The third part of No Turning Back has some of Slott’s typical ADD storytelling quirks to it, and suffers for it compared to the first two issues. Readers may start to feel more conflicted about Spider-Man in this story, too, as he’s still on the warpath and showing no signs of slowing down. The Lizard trapped in Connors’s form remains an interesting villain, though, which is holding my attention for the conclusion.
The Amazing Spider-Man #690: No Turning Back Part 3 — Natural State
Words by Dan Slott
Pencils by Giuseppe Camuncoli
Inks by Klaus Janson, Daniel Green & Giuseppe Camuncoli
Colors by Frank D’Armata
Letters by Chris Eliopoulos
This issue opens on a strong note. The Lizard, still stuck in Connors form and desperately trying to find a way back to his old self, is seen chopping off his regrown human arm with no hesitation and no indication of any real pain, throwing it aside with contempt. He then feeds it to the fresh lizard he’s made out of Max Modell, a move that, while perhaps unnecessarily morbid, does manage to send the intended chills down one’s spine.
Slott has been doing a good job of selling this version of the Lizard as one that has seemingly had all trace of humanity wiped from him while still hinting, through last issue’s “Billy moment,” that there may be a speck of it left after all. He’s developed that element of the character further in this issue by confronting the Lizard with Uatu again, and repeating the hallucination that it’s Billy a couple times. While there’s some potential for this to end in a played out scene where the villain finds his humanity at the last moment, I’m hoping it will stay more complicated than that. As of right now, the most interesting development with the Lizard is that he’s actively learning human things — tasting human junk food, hearing human junk music, even playing video games thanks to his scene with Uatu — that he’s starting to find intriguing, and a believable conflict is forming in him about whether or not he actually still wants to get out of Connors. There are any number of ways this could end, and the possibilities are what’s keeping me really interested in this arc.
The issue concludes with him exposed and sending his newly created minions after the Horizon crew. He’s discovered through an enjoyably clever twist that had the added benefit of giving Carlie Cooper something worthwhile to do, which she always needs. It’s a suitably dramatic cliffhanger to lead us into the story’s conclusion.
Look at you, boss. Multitasking. I’m so proud.
One of the reasons why I rated the past two issues so highly was their cohesive and focused storytelling. This is an area where I think Slott doesn’t usually do so well, and he’s back to his old ways on 690, which I found a little annoying. In the middle of the story there’s an aside following up on Tiberius Stone, the Horizon employee trying to sell secrets to the Kingpin, where he searches for complete plans to the spider-sense jammers from Spider Island. This sequence does end up being important to the plot — Tiberius is unintentionally the reason that the freshly mutated lizards are set loose throughout Horizon — but most of it, particularly his conversation with the Kingpin and the Hobgoblin’s unfunny interjections, feels shoehorned in, and Slott could just as easily have written something where Connors-Lizard sets the beasts loose instead.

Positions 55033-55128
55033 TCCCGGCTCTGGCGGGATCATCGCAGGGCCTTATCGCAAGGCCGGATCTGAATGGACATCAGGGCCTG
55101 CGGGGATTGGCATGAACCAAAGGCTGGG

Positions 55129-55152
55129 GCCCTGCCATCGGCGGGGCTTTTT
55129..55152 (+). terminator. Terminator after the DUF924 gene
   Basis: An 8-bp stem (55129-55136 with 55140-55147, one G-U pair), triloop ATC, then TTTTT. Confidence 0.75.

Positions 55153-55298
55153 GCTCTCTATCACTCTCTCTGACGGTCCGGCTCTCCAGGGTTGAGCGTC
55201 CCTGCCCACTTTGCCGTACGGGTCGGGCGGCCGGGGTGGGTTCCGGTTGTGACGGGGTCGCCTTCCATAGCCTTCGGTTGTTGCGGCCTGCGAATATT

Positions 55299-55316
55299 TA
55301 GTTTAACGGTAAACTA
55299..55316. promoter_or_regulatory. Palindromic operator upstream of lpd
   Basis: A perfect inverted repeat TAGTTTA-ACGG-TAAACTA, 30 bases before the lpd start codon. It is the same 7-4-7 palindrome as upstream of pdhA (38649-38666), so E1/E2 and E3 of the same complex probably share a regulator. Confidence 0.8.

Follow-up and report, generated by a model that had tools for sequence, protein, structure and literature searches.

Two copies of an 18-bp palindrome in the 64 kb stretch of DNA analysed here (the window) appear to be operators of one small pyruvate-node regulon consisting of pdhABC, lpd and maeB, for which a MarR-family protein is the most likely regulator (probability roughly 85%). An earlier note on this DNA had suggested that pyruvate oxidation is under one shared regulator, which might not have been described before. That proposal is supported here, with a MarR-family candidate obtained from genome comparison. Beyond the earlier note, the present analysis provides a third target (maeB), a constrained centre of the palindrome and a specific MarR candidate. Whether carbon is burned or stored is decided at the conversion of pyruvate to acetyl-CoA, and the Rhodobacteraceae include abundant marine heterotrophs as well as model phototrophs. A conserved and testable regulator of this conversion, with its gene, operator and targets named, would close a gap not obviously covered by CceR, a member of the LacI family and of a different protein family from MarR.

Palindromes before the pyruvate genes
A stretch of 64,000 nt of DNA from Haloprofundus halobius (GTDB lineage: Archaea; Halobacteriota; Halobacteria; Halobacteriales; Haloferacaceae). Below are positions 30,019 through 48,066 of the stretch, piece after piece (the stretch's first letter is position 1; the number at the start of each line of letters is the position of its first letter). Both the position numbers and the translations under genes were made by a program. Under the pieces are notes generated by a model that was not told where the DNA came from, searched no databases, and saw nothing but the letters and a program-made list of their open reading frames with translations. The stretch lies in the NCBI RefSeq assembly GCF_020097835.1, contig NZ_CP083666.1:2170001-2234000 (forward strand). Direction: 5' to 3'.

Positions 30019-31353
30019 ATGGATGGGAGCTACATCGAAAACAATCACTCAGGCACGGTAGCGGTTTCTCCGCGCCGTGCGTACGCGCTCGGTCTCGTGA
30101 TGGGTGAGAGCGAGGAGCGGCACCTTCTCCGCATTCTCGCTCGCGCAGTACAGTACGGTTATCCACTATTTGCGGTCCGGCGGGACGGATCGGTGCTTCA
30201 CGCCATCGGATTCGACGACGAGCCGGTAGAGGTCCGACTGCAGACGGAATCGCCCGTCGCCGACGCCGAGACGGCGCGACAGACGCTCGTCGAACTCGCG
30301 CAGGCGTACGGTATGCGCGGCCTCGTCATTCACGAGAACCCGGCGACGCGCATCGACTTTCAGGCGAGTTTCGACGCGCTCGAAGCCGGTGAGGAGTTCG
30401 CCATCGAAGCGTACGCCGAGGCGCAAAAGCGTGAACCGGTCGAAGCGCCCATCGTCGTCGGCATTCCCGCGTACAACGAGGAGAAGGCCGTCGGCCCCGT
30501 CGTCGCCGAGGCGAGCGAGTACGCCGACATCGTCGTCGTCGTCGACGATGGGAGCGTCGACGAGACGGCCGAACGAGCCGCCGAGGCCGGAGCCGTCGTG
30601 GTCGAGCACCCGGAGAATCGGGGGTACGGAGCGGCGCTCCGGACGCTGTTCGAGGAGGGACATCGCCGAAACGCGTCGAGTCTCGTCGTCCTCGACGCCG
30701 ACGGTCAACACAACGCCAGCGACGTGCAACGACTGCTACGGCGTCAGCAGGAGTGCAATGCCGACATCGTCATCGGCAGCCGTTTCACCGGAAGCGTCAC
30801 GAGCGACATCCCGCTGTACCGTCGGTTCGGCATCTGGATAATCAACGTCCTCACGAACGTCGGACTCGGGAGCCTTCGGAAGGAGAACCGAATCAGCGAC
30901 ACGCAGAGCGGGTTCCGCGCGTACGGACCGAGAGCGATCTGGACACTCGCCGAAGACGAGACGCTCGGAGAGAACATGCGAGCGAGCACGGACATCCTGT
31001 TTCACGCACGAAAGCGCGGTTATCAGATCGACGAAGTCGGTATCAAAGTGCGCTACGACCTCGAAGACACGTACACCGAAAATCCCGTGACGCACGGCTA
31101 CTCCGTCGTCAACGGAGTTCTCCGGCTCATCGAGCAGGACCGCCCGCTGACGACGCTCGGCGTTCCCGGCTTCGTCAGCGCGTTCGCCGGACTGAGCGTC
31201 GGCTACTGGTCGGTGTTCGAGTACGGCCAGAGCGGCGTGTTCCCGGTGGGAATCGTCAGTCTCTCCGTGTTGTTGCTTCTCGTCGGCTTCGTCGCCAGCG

We’re subjected to another Madame Web intervention, as well. Like always, she simply shows up to tell Spider-Man that because she’s seen the future, he has to do something but she won’t explain it because that would give away the plot to the reader. As repetitive as my complaints about this character have been, I can’t it go whenever she appears. It’s just sloppy writing to move a plot forward by having a character who can magically point people in the right direction whenever you need her to.
While I’m glad that Slott is developing a larger story through his smaller arcs, I wish that he wouldn’t go about it in this way that he feels he needs to insert “preview” scenes at seemingly random points in various issues. The stories would all be a lot stronger if he would connect current ones with references and connections to previous stories, rather than trying to preemptively connect stories to what he knows he’ll write in the future like this.
My only reservation about where No Turning Back may be taking us is that I’m a little worried about Peter’s characterization. I’ve been fine with it up until now, and I still am, but it’s borderline in some ways. Slott has been gearing him up for the big event that’s planned at issue 700, and his frustration level has been escalating. As of now, it’s yet to escalate beyond a point that I’m willing to accept. But taking a character as established as Peter Parker and putting him through something major is always risky. Comic book personalities have often been victimized by the story direction the people at the top wanted to take, and Peter’s suffered this fate too much in his history already.
I just hope they’re remembering that Peter’s been through periods of darkness before, and he always rises above them before he goes too far — or at least that’s what is supposed to happen. There is, of course, a certain story that shall not be named in which he didn’t, and we’re still suffering through the consequences of that poor decision to this day. Here’s hoping we’re not in for a repeat experience.
Pros: The development of the Connors-Lizard remains the intriguing focus of the story. We’re well set up for part 4.
Cons: A disappointing return to unwarranted looks into the future, both from Madame Web and from Dan Slott. The issue’s storytelling is weaker because it feels less focused on what’s going on in the present.